Study variables

Variables included in the final analysis included age, sex, race, ethnicity, great circle distance, insurance status, facility location, facility type, Charlson Deyo score, year of diagnosis, average annual hospital volume, tumor differentiation, histology type, tumor size, and tumor grade. As stated by the NCDB, demographic and tumor specific variables are recorded at the time of diagnosis. Race was categorized as: Caucasian, African American, Asian, Other (patients marked as other or American Indian descent), and unknown. Facility location was coded as either New England/East Coast (New England, middle Atlantic, and south Atlantic), Midwest (east north central and west north central), South (east south central and west south central), West Coast (mountain and pacific), and unknown. Breakdowns of states included in each of these categories can be found in the NCDB data dictionary. Annual hospital volume was calculated using the “facility key” variable using the same methods as Bagaria et al. [14] Histology type was grouped as leiomyosarcoma (codes 8890, 8891, 8896), liposarcoma (codes 8850, 8851, 8852, 8853, 8854, 8855, 8857, 8858), or other (codes 8800, 8801, 8802, 8803, 8804, 8805, 8810, 8811, 8815, 8830, 8840, 8894, 8895, 8933, 8935, 9040, 9041, 9043). Tumor size was changed from a continuous variable to a categorical variable by grouping patients into two categories: ≤ 10 cm or > 10 cm. The size 10 cm was chosen based on staging criteria (T1/T2 vs T3/T4).

Statistical analysis

Quantitative data was summarized using mean (standard deviation) or median (interquartile quartile range [IQR]), whereas categorical data was summarized using sample size, n (percent (%)). To estimate the effect of covariates on binary outcomes, logistic regression with generalized estimating equations (GEE) methodology with robust standard errors was applied. This approach was preferred due to correlated nature of data with patients clustered in facilities. An important advantage of GEE is that it seeks to produce reliable estimates in the presence of many small clusters. We analyzed all data by categorizing missing values as unknown class in the multivariable model. Regression coefficients with 95% confidence intervals (CI) were exponentiated to derive odds ratios (OR) and 95% CI or expressed as (OR-1) × 100% to obtain percentage change. Model adequacy was established by use of model calibration and discrimination metrics. Statistical significance was determined at alpha = 0.05. SAS version 9.4 (2014, SAS Institute, Cary, NC).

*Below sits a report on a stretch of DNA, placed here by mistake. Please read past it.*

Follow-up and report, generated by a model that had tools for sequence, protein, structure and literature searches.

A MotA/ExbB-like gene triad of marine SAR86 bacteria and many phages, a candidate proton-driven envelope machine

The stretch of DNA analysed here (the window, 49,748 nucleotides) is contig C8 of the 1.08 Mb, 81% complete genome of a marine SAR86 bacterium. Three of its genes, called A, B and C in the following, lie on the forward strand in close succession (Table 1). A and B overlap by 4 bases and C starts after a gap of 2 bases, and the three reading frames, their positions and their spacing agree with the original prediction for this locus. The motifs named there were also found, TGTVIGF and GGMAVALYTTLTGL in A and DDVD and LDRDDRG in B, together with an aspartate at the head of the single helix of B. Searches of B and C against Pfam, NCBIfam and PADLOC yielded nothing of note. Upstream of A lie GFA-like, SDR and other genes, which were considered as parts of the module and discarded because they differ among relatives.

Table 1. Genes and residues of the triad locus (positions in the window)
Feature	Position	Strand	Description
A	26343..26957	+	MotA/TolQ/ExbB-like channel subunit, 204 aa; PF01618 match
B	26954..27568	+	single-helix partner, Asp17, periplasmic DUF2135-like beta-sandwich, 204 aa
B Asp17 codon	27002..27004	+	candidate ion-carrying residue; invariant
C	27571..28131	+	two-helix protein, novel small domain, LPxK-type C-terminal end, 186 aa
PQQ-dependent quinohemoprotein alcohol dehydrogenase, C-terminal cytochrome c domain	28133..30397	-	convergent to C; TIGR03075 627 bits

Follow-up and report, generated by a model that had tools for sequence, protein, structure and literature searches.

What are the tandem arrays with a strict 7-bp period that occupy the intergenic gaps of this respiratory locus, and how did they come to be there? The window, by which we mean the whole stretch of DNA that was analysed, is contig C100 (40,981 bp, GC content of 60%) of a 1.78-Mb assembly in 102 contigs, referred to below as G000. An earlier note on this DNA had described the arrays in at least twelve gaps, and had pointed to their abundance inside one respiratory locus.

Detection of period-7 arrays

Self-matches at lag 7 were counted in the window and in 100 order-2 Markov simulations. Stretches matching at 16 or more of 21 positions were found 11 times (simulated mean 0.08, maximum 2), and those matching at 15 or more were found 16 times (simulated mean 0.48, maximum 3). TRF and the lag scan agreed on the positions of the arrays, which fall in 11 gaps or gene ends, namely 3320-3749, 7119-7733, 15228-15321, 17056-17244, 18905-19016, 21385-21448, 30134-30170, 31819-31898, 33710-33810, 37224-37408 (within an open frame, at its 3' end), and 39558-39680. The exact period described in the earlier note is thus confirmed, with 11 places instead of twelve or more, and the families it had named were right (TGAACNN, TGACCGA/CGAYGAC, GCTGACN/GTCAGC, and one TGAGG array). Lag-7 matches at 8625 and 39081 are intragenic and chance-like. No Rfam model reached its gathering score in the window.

Demographics and tumor specific variables

A total of 5,664 patients underwent surgery alone (SA) without RT, 730 patients underwent neoadjuvant RT and surgery (NRT + S), and 1,091 underwent surgery and received adjuvant RT (ART + S). Patients had a mean age of 62.4 (± 13.2), 60.7 (± 12.6), and 60.9 (± 12.6) in the SA, NRT + S, and ART + S cohorts, respectively. Patients were predominately Caucasian in all three cohorts (SA: n = 4826, 85.2%, NRT + S: n = 621, 85.1%, ART + S: n = 899, 82.4%) and had a Charlson Deyo score of 0 (SA: n = 4329, 76.4%, NRT + S: n = 574, 78.6%, ART + S: n = 849, 77.8%). While the majority of patients were treated at academic medical centers (SA: n = 3324, 58.7%, NRT + S: n = 504, 69.0%, ART + S: n = 452, 41.4%), this did not necessarily correlate with high volume centers. Most patients were treated at centers that saw on average < 5 cases per year (SA: n = 4327, 76.4%, NRT + S: n = 498, 68.2%, ART + S: n = 1008, 92.4%). In addition, most patients had liposarcoma (SA: n = 3754, 66.3%, NRT + S: n = 392, 53.7%, ART + S: n = 534, 48.9%) and tumors > 10 cm (SA: n = 3390, 59.9%, NRT + S: n = 394, 53.9%, ART + S: n = 600, 54.9%). All demographic data can be found in Table 1.

Table 1 Comparison of no radiation, neoadjuvant radiation, and adjuvant radiation populations

Utilization of radiation therapy over time and survival analysis

Over time, the use of radiation therapy for the treatment of RPS decreased on average by < 1% per year (p = 0.018, Fig. 1A). Even though there was a decrease in RT, 24.5% of the population was still receiving RT in the most recent year of diagnosis (2017). There was also a shift from the use of adjuvant to neoadjuvant RT. On average, the use of neoadjuvant radiation therapy increased by 13% per year and the use of adjuvant radiation therapy decreased by 6% per year (p < 0.0001, Fig. 1B). There was no difference in overall survival comparing patients who received RT and surgery versus surgery alone (p = 0.0793, Fig. 2A). There was also no difference in overall survival among patients who received neoadjuvant versus adjuvant RT (p = 0.6899, Fig. 2B).